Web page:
a likely scenario: After his former band, Harlem Shakes, switched from
great-indie-hope to defunct, guitarist Todd Goldstein decided to release a
collection of lo-fi sketches and songlets. The vague instrumental that opens Kids Aflame suggests this backstory is
exactly right. Then “Whirring” begins, and explodes the assumption.
fact, the album’s sound is less than burnished, and there are some sketchy
numbers among these 16 tracks (including three bonuses added since the original
European release). But most of them are fully formed, whether they feature a
full-band sound or — like the title track — just ukelele and a voice or two.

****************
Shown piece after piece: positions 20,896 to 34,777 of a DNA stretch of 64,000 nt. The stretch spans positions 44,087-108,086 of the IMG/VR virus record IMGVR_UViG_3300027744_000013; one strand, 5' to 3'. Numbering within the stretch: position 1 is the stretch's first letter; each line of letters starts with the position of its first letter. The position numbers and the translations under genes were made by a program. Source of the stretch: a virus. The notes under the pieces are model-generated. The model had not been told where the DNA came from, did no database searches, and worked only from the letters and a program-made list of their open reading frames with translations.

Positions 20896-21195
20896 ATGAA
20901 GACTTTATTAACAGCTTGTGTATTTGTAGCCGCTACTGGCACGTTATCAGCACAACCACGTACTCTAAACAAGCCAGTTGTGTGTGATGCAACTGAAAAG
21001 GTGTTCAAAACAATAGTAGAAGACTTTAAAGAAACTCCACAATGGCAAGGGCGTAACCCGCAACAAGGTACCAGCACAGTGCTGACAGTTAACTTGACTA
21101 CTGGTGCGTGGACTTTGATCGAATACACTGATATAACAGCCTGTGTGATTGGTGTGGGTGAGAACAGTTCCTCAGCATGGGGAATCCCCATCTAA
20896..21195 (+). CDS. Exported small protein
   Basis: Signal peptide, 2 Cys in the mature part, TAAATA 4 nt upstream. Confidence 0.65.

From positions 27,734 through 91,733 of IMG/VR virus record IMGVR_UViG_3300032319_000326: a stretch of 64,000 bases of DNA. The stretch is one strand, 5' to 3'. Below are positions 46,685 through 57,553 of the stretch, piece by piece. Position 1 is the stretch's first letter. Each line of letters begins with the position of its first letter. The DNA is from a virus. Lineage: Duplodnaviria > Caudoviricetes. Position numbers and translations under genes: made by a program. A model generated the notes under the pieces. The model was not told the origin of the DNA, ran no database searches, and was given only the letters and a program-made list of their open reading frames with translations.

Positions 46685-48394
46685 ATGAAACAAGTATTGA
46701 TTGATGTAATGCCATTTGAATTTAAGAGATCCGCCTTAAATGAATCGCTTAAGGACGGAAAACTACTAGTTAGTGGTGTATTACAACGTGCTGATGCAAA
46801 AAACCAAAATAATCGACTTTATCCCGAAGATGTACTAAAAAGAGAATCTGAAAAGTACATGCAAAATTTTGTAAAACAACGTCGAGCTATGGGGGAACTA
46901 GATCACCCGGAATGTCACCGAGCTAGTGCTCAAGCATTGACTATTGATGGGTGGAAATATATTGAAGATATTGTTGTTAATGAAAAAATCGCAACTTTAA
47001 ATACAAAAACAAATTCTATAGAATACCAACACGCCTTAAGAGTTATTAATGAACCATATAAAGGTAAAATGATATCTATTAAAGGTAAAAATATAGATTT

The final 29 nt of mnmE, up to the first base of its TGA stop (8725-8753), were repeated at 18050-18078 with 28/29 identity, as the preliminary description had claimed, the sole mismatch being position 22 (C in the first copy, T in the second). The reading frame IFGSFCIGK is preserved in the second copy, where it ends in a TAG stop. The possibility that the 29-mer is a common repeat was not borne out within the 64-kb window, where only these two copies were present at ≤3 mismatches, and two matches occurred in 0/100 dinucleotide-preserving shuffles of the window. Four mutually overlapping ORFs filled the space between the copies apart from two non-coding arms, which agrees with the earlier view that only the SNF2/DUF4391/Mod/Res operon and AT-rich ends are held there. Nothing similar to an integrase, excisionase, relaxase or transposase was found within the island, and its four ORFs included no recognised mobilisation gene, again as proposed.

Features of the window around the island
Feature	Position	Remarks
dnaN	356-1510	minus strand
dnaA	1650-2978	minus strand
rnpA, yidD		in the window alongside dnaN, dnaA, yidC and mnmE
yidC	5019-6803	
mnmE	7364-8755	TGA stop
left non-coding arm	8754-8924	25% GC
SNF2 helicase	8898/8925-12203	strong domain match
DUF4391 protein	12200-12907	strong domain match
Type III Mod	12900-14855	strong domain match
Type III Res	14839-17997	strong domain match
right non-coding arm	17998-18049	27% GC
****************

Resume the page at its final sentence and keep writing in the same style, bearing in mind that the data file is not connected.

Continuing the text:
Goldstein can come on like a stoned neo-folkie, marveling (in
“Eyeball”) “Oh, isn’t it strange/That people have eyes?”
Well, no, but such too-cute ditties are the exception here.
contemporary balladeering and ’80s-style alt-rock with hints of Big Star’s
third, the album is often rueful: “Fall” remembers the day the
narrator “broke my hip and the bones in both legs,” while
“Shitty Little Disco” notes that “I haven’t been in a fight for
years” as if that’s about to change. But the latter tune blends its
apprehension with vigor and defiance, and “Tiger Tamer” is positively
uplifting, in a downbeat sort of
“We’re swimming in our skin/Hurting through our pain” isn’t the most
anthemic couplet, but the song is stirring nonetheless. That balance of
melancholy and exuberance is the crux of Kids
Aflame’s appeal: When Goldstein sings “the Tokyo moon is out of reach,” the melody
ignores the lyric to reach up toward the unattainable.
Standout Tracks: “Tiger
Tamer,” “Shitty Little Disco,” “Tokyo Moon” <a